1/3 of people in Ireland “Don’t Feel Confident” in the Water
A new survey of 1,000 Irish people has found that one in three say they can swim, but do not feel confident doing so.
Are You a Confident Swimmer?
The survey, which we carried out in June, also found that:
– Male swimmers consider themselves more confident in the water than female swimmers;
– Only One in Three people aged 65+ consider themselves confident swimmers;
– The most capable age group for swimming is aged 55-64, over 85% of whom can swim on some level.
This survey presents mixed results. We’re delighted that so many people in the country can swim. But we should also be aware of overestimating our abilities, especially since we are at the peak time of the year for swimming. While drownings are less common than they once were, the figure is still too high. Let’s be aware of our capabilities and avoid unnecessary risks.
103 people drowned in Ireland in 2018, six fewer than in 2017 when 109 drowned. This is the lowest figure in eighty years, when 89 drowned in 1939. This suggests that water safety awareness initiatives are working, but there is much work to do. Two-thirds as many people die in our waters as on our roads. This is an unacceptable figure, especially considering that swimming is relatively seasonal while driving is constant year-round.
A common cause of maritime tragedies is risk-taking and overestimating one’s ability to swim in adverse conditions. Our survey found that more men consider themselves confident swimmers than women. And statistics from Irish Water Safety found that three times more victims of drowning are male than female.
How Can I Stay Safe while Swimming?
The good news is that most of these water realated accidents are avoidable by remebering a few simple guidelines before you go swimming:
- “Buddy up!”– Always swim with another person — whether you’re swimming in a pool or in a lake. Even experienced swimmers can become tired or get muscle cramps, which might make it difficult to get out of the water. When people swim together, they can help each other or go for help in case of an emergency.
- Get skilled –Speaking of emergencies, it’s good to be prepared. Taking swimming lessons and learning some life-saving skills, such as CPR and rescue techniques, can help you save a life and be fully prepared for the water.
- Know your limits –Swimming can be a lot of fun — and you might want to stay in the water as long as possible. If you’re not a good swimmer or you’re just learning to swim, don’t go in water that’s so deep that you can’t touch the bottom and don’t try to keep up with skilled swimmers. That can be hard, especially when your friends are challenging you — but it’s a pretty sure bet they’d rather have you safe and alive.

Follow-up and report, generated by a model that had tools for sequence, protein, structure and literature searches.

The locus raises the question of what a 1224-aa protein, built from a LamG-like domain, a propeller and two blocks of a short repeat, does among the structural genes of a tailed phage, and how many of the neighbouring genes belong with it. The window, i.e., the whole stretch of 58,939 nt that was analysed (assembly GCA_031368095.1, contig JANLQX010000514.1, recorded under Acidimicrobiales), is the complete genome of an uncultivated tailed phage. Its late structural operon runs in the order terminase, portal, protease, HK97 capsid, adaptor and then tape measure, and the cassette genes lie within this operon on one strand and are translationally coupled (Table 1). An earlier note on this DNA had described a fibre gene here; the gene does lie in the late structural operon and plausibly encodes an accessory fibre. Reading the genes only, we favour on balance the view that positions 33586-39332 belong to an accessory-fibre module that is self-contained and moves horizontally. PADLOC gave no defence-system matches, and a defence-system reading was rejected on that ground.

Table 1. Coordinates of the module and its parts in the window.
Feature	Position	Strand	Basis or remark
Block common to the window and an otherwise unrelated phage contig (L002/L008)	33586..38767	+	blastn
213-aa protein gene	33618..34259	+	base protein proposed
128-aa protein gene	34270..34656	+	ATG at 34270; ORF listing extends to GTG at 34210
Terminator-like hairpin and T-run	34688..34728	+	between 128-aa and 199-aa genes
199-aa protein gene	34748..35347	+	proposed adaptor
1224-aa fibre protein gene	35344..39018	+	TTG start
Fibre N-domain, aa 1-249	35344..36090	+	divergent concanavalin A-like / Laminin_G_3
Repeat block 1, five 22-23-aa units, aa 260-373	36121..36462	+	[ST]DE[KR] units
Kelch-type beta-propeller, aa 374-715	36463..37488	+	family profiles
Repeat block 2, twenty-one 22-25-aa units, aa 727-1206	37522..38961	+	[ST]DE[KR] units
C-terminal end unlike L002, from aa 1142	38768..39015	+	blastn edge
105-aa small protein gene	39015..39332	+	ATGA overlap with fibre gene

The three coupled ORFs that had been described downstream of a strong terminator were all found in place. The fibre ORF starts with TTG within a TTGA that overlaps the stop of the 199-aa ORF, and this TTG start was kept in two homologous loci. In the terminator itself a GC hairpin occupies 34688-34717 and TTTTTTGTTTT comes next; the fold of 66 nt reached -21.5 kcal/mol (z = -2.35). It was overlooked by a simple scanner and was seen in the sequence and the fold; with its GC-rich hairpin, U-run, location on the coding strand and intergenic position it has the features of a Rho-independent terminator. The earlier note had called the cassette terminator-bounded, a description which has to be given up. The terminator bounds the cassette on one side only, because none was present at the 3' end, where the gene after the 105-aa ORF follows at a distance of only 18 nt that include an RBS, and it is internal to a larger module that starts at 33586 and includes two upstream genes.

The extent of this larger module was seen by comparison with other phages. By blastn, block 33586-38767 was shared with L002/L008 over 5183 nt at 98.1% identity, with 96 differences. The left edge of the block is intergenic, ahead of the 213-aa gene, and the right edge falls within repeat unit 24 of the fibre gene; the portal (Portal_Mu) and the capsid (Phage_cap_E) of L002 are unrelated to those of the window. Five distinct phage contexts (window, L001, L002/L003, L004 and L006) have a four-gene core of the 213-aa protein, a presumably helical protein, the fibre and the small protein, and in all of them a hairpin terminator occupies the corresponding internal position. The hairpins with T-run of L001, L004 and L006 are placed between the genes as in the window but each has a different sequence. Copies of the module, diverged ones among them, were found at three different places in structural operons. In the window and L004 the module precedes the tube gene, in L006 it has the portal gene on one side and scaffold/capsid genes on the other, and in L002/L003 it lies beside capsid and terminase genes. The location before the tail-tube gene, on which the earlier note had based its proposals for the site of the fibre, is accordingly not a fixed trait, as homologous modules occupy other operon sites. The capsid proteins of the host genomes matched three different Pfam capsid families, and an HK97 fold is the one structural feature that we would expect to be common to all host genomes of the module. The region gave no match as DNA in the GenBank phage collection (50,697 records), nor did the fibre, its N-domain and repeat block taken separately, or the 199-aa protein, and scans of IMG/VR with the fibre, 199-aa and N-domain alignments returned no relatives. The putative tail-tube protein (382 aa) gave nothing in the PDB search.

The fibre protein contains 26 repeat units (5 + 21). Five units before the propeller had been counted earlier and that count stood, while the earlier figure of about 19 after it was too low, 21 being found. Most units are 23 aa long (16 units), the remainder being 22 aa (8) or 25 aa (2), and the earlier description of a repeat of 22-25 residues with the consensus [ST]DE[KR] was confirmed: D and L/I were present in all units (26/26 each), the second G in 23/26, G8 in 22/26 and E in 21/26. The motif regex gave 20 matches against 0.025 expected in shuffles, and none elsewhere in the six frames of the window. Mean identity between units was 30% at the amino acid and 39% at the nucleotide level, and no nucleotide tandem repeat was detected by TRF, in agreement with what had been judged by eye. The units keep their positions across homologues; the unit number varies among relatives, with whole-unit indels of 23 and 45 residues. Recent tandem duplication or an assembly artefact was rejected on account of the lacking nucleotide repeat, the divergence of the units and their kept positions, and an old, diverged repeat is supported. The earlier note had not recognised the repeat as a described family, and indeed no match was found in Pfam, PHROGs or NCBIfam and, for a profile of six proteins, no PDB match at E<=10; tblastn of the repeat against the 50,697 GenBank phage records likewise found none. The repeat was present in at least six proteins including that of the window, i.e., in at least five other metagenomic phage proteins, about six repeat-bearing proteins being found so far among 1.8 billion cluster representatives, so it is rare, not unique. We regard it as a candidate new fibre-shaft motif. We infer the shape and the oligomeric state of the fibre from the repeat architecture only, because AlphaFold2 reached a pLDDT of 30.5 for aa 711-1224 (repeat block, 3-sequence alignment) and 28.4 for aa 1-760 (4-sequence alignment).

- Swim in safe areas only – Swimming in an ocean, river or lake is different from swimming in a pool. You need more energy to handle the currents and other changing conditions in the water. So, it’s a good idea to swim only in places that are supervised by a lifeguard. If something does go wrong, lifeguards are trained in rescue techniques.
Our survey posed the question: “Are you a confident swimmer?” to respondents across Ireland.
The results in full are:
47.2% – Yes
32.3% – I can swim but don’t feel confident
20.5% – I don’t know how to swim at all
53.0% – Yes
27.7% – I can swim but don’t feel confident
19.3% – I don’t know how to swim at all
40.0% – Yes
38.7% – I can swim but don’t feel confident
21.3% – I don’t know how to swim at all
54.3% – Yes
28.3% – I can swim but don’t feel confident
17.4% – I don’t know how to swim at all
47.3% – Yes
32.6% – I can swim but don’t feel confident
20.1% – I don’t know how to swim
49.8% – Yes
32.4% – I can swim but don’t feel confident
17.8% – I don’t know how to swim at all
42.5% – Yes
33.3% – I can swim but don’t feel confident
24.2% – I don’t know how to swim at all
50.0% – Yes
35.5% – I can swim but don’t feel confident
14.5% – I don’t know how to swim at all
33.9% – Yes
33.9% – I can swim but don’t feel confident
32.2% – I can’t swim at all